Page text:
How to convert line voltage fixture into low voltage

rrseth

LawnSite Member
Location
Colleyville, TX
First up, I am an advanced DIYer, so if I offend anyone with my questions, I apologize in advance. We are in the process of building a pool and my 7 year old would like to have the following led tree ( https://www.brightbaum.com/collections/ginkgo-tree/products/taylor-58-ginkgo-warm-white ) on a spot near the pool, and I am very supportive of the idea. Per the NEC 2017, this would not be compliant as it is less than 5 feet from the water line. It is a line voltage fixture, and I can't find any manuals on it. I know from their marketing literature "the tree runs at only a mere 22W of electricity!". Any help on how to go about converting this from line voltage to low voltage would be appreciated.
 

JoeRagMan

LawnSite Senior Member
Location
Near TMI
If the LED’s are line voltage, the only way to make it low voltage would be replace all of the LED’s in the tree. Maybe email or call the manufacturer and ask. I would not want that near a pool, maybe outside of the pool deck somewhere safe. JMO, good luck.
 

Mumblingboutmowers

LawnSite Senior Member
First up, I am an advanced DIYer, so if I offend anyone with my questions, I apologize in advance. We are in the process of building a pool and my 7 year old would like to have the following led tree ( https://www.brightbaum.com/collections/ginkgo-tree/products/taylor-58-ginkgo-warm-white ) on a spot near the pool, and I am very supportive of the idea. Per the NEC 2017, this would not be compliant as it is less than 5 feet from the water line. It is a line voltage fixture, and I can't find any manuals on it. I know from their marketing literature "the tree runs at only a mere 22W of electricity!". Any help on how to go about converting this from line voltage to low voltage would be appreciated.
You are reading this wrong. It means 22 watts is what it uses, not 22 volts. I would say that it is almost certainly 120v.
 

Mumblingboutmowers

LawnSite Senior Member
After posting I realize that I read your post incorrectly and you were reading correctly. I guess just do as joeragman said and change out the wiring and lights in the tree if necessary. May not be though if they are already 24 volt. What you could do is Move the transformer to the house and then you would only have 24v wiring heading out to the pool (if that's what you need to get around code). Here is one website I found that sells 24v Christmas lights, (which your tree may have, along with a transformer). https://www.christmascentral.com/christmas-lights/24-volt-connect-lights/starter-sets/#
 

rlitman

LawnSite Silver Member
Location
Long Island
I'd start by calling the manufacturer and asking. LED elements do not run on line voltage. Period. They all need a power supply. Of course, some of them have internalized power supplies that cannot be separated (such as LED light bulbs that screw into edison sockets), but though I cannot find details on this tree, I suspect that a central power supply in the trunk of this tree feeds power to the branch lights. If that's the case, it should be possible to relocate the power to a safe distance.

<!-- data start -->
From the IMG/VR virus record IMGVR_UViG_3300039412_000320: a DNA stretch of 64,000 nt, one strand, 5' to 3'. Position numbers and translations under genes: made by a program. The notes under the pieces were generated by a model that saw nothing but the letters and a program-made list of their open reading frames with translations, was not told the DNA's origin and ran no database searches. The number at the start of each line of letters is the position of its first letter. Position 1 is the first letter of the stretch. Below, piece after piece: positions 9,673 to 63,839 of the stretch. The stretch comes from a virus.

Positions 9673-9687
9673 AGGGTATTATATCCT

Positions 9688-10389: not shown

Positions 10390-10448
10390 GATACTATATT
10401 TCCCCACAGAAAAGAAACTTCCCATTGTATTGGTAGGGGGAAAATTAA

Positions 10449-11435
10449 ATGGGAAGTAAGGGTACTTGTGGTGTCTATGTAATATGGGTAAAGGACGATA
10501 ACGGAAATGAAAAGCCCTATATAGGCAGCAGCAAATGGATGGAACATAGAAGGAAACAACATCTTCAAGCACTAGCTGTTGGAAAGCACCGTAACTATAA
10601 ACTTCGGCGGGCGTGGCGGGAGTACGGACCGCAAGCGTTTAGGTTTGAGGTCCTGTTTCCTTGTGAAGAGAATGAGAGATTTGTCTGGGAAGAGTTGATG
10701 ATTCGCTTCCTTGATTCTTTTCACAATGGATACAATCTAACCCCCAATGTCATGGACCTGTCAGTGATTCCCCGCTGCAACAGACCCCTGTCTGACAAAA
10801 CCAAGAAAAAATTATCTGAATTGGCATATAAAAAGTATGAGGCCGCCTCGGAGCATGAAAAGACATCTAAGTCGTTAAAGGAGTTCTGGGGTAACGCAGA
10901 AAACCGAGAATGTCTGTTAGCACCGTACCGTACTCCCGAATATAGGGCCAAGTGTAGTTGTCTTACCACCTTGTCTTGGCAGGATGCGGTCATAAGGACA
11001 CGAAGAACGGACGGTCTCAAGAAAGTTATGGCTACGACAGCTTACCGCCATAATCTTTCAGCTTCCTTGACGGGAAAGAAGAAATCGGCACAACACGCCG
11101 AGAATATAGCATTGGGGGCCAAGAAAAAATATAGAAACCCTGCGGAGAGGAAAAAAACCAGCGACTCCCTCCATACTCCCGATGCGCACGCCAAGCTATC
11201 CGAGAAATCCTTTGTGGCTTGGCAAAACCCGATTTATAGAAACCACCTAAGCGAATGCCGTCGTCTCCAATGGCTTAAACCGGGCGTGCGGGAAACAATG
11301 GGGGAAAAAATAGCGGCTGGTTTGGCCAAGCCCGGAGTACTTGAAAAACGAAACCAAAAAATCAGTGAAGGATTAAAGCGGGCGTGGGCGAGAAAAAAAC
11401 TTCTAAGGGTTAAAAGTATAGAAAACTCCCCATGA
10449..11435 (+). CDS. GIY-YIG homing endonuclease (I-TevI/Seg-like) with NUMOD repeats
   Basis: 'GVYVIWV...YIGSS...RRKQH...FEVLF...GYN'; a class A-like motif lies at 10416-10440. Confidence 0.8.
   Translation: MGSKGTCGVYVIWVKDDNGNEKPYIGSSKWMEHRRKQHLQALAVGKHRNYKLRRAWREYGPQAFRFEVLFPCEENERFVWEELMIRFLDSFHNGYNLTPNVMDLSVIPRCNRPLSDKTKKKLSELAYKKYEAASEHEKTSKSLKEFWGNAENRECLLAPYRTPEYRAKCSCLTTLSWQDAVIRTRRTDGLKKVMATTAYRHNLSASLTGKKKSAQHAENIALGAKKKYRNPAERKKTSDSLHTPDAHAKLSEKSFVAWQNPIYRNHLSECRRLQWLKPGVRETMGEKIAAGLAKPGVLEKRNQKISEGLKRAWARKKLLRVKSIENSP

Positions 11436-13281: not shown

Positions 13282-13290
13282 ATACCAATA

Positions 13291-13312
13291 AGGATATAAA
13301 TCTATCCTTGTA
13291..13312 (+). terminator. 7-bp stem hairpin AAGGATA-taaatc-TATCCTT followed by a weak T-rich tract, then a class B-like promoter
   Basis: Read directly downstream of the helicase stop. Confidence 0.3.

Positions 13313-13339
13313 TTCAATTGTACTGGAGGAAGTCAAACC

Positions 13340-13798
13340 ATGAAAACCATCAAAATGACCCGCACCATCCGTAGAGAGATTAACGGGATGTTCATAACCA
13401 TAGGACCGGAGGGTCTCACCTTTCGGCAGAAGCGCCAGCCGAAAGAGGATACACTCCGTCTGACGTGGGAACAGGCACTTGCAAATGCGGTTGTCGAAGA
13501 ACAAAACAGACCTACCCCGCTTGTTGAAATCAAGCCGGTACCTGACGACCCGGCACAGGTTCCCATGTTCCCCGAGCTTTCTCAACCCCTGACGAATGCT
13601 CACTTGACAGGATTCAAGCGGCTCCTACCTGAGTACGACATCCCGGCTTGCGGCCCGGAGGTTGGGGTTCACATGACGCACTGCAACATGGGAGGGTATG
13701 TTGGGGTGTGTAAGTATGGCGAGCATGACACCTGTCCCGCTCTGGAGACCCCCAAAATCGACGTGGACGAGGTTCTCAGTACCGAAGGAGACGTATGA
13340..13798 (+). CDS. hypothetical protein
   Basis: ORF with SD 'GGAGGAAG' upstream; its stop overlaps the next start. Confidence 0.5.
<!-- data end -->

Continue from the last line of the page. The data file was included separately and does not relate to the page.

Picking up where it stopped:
OP
R

rrseth

LawnSite Member
Location
Colleyville, TX
Thank you all for your responses. The leds are soldered in, and there are a couple hundred of them, not possible to replace with a low voltage rated light. Attached is a picture of the adapter at the bottom of the fixture. Dumb question, is there a device that can replace this to make it compatible with a low voltage set up?
IMG_0647.jpg
 

JoeRagMan

LawnSite Senior Member
Location
Near TMI
I think about the only thing you can do is make sure the 110 VAC circuit that is powering the transformer is up to code, ie, GFCI circuit , etc. When in doubt, call in a professional! Electrical problems around water is no joke! Good luck.
 
OP
R

rrseth

LawnSite Member
Location
Colleyville, TX
Understood and agree, the fixture itself is outdoor rated, so no worries there. What would be a safe distance for this to be from the pool, assuming it won't work on low voltage?
 

JoeRagMan

LawnSite Senior Member
Location
Near TMI
Does the manafacturer give any recommendations? Might be a good idea to check their webpage or call them. Will this be anchored in case of a wind storm? Just some things to think about...
 

Mumblingboutmowers

LawnSite Senior Member
Thank you all for your responses. The leds are soldered in, and there are a couple hundred of them, not possible to replace with a low voltage rated light. Attached is a picture of the adapter at the bottom of the fixture. Dumb question, is there a device that can replace this to make it compatible with a low voltage set up?View attachment 387805
I am still a little unsure of what the end goal is here, but if it is to not have 120v running alongside the pool and only low voltage instead, there is a solution. (I still think that code is in effect even if it is low voltage). Just cut the transformer out and move the transformer inside the home and use small wire (18 gauge) to run outside the home and hardwire it to the 24 volt wires heading into the tree.

24 volts is still dangerous especially near water. Maybe run a regular 120v wire outside of the home (underground in conduit) from a different direction than what you are working with and route it 5 ft from the pool and connect your tree there. Then that way you are 5 ft away. And anchor the tree down somehow or have a short cord that it would not be possible for the tree to fall into the pool when still plugged in.

Or better yet, try to find some type of solar powered décor and go that route.
 

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